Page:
New Mandala readers with good memories may have woken today with an awareness that 17 May 1992 and the days that came after are still called “Black May”. This is a period of infamy in Thailand’s recent political history. Back in May 1992 a protest in central Bangkok demanding the end of what many considered an illegitimate government was crushed with the combat boots and lethal weapons of the Royal Thai Army.
It is often repeated that King Bhumibol “intervened” to end the bloodshed.
Unfortunately, many protesters had died by 20 May 1992 when his televised audience with Generals Suchinda and Chamlong brought some resolution to the immediate crisis. The broadcast of that royal intervention is often proclaimed as a defining moment in Thailand’s democratic culture.
But as Paul Handley writes in his unofficial biography of the king:
May 1992 was a manifestation of the faults in Bhumibol’s ideal of a royal government, of his unrelenting prejudice against politicians, and his miscomprehension of the social changes that had occurred during his long reign…Bhumibol’s skill in saving the day after the bloody convulsion of May 18-20 helped to hide his consistent bias against protesters and popular movements…there is the problem that Bhumibol acted only three days after the first demonstrators were killed.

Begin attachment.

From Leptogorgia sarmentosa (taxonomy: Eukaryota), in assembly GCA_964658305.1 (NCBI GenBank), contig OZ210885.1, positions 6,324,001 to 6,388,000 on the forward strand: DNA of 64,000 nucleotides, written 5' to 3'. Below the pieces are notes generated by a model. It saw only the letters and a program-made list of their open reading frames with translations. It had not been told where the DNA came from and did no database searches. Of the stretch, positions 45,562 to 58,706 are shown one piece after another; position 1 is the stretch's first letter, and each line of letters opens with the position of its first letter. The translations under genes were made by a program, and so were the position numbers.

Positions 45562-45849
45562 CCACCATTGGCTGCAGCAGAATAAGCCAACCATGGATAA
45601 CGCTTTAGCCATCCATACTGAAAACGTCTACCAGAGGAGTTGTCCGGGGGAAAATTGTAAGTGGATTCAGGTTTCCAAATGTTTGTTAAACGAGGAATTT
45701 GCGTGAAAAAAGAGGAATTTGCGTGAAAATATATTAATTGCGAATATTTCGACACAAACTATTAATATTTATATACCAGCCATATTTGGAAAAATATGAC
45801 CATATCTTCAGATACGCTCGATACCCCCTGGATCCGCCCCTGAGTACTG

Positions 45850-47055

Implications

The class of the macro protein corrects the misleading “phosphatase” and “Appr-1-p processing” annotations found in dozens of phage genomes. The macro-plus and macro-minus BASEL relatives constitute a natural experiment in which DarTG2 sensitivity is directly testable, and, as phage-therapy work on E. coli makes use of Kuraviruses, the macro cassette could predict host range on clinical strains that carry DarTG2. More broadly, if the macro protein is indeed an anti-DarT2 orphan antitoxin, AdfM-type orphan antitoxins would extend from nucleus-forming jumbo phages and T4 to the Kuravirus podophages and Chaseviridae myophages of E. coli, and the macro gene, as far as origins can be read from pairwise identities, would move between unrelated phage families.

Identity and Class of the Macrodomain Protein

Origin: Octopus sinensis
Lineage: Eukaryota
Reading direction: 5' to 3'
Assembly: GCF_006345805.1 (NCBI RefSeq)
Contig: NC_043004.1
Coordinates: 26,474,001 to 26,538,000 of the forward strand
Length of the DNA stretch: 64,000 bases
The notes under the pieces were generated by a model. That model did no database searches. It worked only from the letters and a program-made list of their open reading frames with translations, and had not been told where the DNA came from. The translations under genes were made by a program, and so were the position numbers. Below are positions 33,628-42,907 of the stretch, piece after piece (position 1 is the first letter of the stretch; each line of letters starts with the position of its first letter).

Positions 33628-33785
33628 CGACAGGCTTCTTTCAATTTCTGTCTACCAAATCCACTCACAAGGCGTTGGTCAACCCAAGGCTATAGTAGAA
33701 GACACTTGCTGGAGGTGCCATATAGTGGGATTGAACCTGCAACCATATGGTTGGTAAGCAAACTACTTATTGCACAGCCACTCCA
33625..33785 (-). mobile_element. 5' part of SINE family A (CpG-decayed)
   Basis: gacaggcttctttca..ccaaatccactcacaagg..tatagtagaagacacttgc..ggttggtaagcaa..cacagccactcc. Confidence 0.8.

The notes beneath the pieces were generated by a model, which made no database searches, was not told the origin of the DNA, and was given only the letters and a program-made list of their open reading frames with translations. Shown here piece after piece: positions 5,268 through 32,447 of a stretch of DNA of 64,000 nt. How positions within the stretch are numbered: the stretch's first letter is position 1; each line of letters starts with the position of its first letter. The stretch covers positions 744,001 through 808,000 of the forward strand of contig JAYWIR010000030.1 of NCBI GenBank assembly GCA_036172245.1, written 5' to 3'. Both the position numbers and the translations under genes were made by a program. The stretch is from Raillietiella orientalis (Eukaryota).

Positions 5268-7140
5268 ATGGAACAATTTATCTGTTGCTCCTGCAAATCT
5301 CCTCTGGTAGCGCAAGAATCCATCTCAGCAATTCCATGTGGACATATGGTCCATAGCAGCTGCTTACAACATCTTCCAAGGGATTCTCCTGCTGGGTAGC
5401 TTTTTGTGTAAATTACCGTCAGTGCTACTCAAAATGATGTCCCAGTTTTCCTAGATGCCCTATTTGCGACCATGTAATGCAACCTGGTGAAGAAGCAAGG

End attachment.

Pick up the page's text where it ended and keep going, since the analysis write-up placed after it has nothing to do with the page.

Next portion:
Handley’s appraisal of King Bhumibol’s handling of May 1992 should give us cause to consider what is happening in May 2010. In Handley’s description, King Bhumibol’s 63-year reign has been marked by profound ambivalence about democratic institutions and some of the protesters who seek to defend them. Now, as the clock ticks down to the end of his reign, the king has left his kingdom without a strong democratic culture and with few good mechanisms for solving its conflicts. Right now even the notional “silver bullet” of a royal intervention could fail. At this time of crisis, some are even suggesting that the monarchy itself is part of the problem rather than part of any future resolution.
So 18 years later, once again on 17 May, a Thai government has issued what looks like its final ultimatum.